Carer under Stress

by Susan
(United Kingdom )

I am the primary carer for my 90 year old mother and currently spend half the week at her house and half at my own home. I'm the youngest of 3 but my siblings don't really give me much support. My sister lives in London and uses her location and financial position as reasons for not helping.

My brother has learning issues and does not cope well with Mum's ill health so the caring basically falls to me.

I am epileptic and whilst my epilepsy is currently well controlled I am currently under a lot of stress. I accompany Mum to all medical and hospital appointments, handle her medication, her financial business and whilst she is still independent to a degree, I'm finding it increasingly stressful looking after her.

She will not entertain carers because of a bad experience a few years ago, telling everyone she has her family to care for her but that's namely me.

I'm starting to become easily irritated and impatient and have verbally taken this out on Mum on the odd occasion. I don't mean to but I'm finding it difficult juggling home life with life at Mum's.

I also have my mother-in-law in poor health which is an additional concern.

I'm not a bad person, just someone who is tired and stressed and I feel so guilty for not being able to manage my stress better. I'd be glad to receive any tips on how best to keep everything on an even keel.

My husband says the cracks are starting to show.

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by: Anonymous

Your sister in London has the same moral obligation to your mom that you do. What is her plan if you are unable to care for your mom?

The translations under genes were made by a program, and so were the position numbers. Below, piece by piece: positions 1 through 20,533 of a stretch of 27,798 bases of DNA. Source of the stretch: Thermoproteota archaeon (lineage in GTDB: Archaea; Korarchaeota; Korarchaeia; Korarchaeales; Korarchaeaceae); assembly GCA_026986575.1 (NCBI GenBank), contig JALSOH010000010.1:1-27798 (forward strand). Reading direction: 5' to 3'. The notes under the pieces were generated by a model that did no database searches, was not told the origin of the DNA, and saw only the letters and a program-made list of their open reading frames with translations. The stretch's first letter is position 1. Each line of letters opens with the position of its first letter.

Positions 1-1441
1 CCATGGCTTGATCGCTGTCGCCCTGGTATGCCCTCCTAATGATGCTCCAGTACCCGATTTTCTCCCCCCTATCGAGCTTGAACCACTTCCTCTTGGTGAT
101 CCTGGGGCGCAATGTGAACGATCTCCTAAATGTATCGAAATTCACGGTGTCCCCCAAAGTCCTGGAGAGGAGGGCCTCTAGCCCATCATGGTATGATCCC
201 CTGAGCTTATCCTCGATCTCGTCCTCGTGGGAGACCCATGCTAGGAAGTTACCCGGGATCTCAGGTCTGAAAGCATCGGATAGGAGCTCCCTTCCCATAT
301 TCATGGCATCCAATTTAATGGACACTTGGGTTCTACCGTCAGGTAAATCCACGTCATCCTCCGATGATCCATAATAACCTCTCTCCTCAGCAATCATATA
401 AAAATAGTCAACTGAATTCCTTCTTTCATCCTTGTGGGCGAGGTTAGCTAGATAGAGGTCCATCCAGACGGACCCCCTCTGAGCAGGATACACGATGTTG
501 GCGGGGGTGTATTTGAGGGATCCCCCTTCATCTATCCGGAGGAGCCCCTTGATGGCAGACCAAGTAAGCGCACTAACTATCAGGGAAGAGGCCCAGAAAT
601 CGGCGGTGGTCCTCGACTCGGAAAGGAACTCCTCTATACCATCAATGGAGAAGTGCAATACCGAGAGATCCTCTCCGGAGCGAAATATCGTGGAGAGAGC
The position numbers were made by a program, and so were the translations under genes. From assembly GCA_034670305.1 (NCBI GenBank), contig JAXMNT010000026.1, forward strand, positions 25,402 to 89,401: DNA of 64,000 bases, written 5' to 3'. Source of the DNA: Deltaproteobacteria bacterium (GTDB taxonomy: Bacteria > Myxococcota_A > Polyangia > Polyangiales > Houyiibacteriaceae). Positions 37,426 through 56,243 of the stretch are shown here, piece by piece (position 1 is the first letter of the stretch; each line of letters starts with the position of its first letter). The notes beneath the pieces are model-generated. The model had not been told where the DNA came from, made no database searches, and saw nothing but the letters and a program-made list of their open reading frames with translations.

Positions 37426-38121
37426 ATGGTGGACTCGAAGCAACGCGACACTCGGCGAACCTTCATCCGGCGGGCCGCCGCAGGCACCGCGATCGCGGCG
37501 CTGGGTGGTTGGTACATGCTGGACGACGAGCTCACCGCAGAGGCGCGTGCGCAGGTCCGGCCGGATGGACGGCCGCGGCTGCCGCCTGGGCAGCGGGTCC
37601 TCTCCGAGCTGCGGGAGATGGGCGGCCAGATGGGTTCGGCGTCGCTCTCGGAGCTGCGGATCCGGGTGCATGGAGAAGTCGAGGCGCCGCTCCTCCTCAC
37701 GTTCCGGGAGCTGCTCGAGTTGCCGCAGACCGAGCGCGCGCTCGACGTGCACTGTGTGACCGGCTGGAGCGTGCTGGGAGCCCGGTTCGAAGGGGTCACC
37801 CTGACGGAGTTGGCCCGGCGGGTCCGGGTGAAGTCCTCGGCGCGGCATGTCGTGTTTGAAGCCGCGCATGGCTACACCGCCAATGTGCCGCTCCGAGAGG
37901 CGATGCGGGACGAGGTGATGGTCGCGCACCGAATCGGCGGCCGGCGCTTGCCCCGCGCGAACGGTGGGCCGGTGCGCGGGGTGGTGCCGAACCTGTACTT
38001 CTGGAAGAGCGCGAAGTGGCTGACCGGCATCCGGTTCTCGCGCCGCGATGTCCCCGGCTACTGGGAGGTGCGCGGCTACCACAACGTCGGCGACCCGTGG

The Bigger Picture
by: Susan

Thank you very much for responding and I have noted your comments.
I fully appreciate every carer's situation is different and some significantly more challenging than my own. I have total respect and admiration for carers whose role is 24/7 and reading your comments has given me some perspective.

One of your comments regarding my sister, who lives in London, was "to cut her some slack". It's not a case of "cutting her some slack". Of course I appreciate her situation but she hasn't made ANY effort at all.

She sees my Mum once a year at Christmas (for a weekend) and thinks that she's doing her "daughterly duty".

The situation concerning carers is a very difficult one. I have had many conversations with Mum regarding care provision and it doesn't matter how I approach it I come up against the same response.

She is a strong minded lady with a heart condition and I cannot force her to have in place something she does not agree to. I'm going to try and speak to her again, with my husband, but I'm not holding out much hope. She certainly will not be dictated to.
As for my husband, he has been an absolute rock. He has been so understanding and supportive. He works full time with a long commute, takes me back and forth to my Mum's whilst keeping abreast of the changing situation concerning his Mam.

I appreciate the comments made and support but would simply say that there is always a bigger picture and what works in one situation doesn't always work in another.

your mom
by: Anonymous